Fannie Mae Candy – Candy Company Names – White Circus Peanuts Candy.
Fannie Mae Candy
- Informal name for the Federal National Mortgage Association, a corporation that trades in mortgages
- “Fanny Mae” is a 1959 song by American blues and R&B singer Buster Brown. The song was written by Morris Levy, Clarence Lewis and Waymon Glasco.
- Federal National Mortgage Association: a federally chartered corporation that purchases mortgages
- The Federal National Mortgage Association (FNMA) , commonly known as Fannie Mae, was set up as a stockholder-owned corporation chartered by Congress in 1968 as a government-sponsored enterprise (GSE), but founded in 1938 during the Great Depression.
- a rich sweet made of flavored sugar and often combined with fruit or nuts
- A sweet food made with sugar or syrup combined with fruit, chocolate, or nuts
- sugarcoat: coat with something sweet, such as a hard sugar glaze
- Sugar crystallized by repeated boiling and slow evaporation
- (candied) encrusted with sugar or syrup; “candied grapefruit peel”
fannie mae candy – The Fateful
Over the next seventy years, Fannie Mae evolved into one of the largest financial companies in the world, owned by private shareholders but with its nearly $1 trillion of debt effectively guaranteed by the government. Almost from the beginning, critics repeatedly warned that Fannie was an accident waiting to happen. Then, in 2008, the housing market collapsed. Amid a wave of foreclosures, the company’s capital began to run out, and the U.S. Treasury seized control.
From the New Deal to the administration of President Obama, author James R. Hagerty explains this fascinating but little-understood saga. Based on his reporting for the Wall Street Journal, personal research and interviews with executives, regulators and congressional leaders, Hagerty charts the course of Fannie Mae. With The Fateful History of Fannie Mae, he explains the politics, economics and human frailties behind seven decades of missed opportunities to prevent a financial disaster.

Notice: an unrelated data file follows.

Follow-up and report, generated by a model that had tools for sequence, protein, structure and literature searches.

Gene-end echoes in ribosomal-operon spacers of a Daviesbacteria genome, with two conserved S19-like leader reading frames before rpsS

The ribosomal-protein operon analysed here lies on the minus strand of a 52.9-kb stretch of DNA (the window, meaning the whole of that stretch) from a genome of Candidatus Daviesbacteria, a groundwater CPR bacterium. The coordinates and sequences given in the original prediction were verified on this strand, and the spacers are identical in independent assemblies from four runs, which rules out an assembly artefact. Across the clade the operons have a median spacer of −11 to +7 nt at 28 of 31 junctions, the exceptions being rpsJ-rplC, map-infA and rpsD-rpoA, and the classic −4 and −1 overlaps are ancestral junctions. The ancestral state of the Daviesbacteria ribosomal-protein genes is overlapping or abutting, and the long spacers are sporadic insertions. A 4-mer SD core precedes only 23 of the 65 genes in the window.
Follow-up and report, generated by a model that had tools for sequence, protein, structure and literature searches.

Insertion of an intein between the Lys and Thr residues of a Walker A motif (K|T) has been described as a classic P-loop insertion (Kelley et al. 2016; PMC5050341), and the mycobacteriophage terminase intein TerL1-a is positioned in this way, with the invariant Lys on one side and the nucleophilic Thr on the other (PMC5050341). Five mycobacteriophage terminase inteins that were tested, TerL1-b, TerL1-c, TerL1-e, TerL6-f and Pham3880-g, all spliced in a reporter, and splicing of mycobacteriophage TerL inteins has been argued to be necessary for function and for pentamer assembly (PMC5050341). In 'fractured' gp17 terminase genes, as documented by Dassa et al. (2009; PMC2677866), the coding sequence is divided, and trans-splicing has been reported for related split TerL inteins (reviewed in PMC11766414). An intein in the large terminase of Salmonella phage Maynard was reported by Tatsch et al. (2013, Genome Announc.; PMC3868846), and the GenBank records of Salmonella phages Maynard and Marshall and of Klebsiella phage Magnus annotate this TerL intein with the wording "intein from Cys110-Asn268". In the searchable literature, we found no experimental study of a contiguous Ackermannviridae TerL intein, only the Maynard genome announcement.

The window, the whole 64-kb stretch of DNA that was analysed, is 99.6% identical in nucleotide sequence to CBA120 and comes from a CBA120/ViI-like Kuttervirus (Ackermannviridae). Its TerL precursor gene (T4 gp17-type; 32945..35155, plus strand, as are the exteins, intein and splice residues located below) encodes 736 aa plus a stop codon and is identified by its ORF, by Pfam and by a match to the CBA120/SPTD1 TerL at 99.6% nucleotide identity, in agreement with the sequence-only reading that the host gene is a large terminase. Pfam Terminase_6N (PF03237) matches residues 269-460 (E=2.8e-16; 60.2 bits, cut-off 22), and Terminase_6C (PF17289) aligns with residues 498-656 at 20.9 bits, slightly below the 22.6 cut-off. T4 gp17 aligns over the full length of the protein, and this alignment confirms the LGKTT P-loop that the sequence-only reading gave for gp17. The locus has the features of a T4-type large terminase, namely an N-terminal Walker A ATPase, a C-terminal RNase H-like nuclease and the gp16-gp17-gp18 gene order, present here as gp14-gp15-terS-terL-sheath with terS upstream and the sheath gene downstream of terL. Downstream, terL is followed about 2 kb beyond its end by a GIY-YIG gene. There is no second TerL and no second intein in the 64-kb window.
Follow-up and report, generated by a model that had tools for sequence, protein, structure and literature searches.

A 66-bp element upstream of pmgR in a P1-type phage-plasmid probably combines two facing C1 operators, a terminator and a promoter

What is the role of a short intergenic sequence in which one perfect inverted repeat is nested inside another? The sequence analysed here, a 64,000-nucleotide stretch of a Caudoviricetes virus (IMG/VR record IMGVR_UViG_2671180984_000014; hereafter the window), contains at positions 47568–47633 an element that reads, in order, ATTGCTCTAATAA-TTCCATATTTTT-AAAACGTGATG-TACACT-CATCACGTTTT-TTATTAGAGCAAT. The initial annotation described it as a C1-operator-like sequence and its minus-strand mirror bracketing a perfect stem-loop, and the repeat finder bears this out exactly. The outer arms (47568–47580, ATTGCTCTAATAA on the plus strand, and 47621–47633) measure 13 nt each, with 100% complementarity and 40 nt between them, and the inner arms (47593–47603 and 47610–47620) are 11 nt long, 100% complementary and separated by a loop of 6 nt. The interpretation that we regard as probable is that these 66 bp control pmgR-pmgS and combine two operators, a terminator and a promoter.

2 dead in the 'burbs
fannie mae candy
One of The Economist’s 2011 Books of the Year
In Reckless Endangerment, Gretchen Morgenson exposes how the watchdogs who were supposed to protect the country from financial harm were actually complicit in the actions that finally blew up the American economy. Drawing on previously untapped sources and building on original research from coauthor Joshua Rosner—who himself raised early warnings with the public and investors, and kept detailed records—Morgenson connects the dots that led to this fiasco.
Morgenson and Rosner draw back the curtain on Fannie Mae, the mortgage-finance giant that grew, with the support of the Clinton administration, through the 1990s, becoming a major opponent of government oversight even as it was benefiting from public subsidies. They expose the role played not only by Fannie Mae executives but also by enablers at Countrywide Financial, Goldman Sachs, the Federal Reserve, HUD, Congress, and the biggest players on Wall Street, to show how greed, aggression, and fear led countless officials to ignore warning signs of an imminent disaster.
Character-rich and definitive in its analysis, and with a new afterword that brings the story up to date, this is the one account of the financial crisis you must read.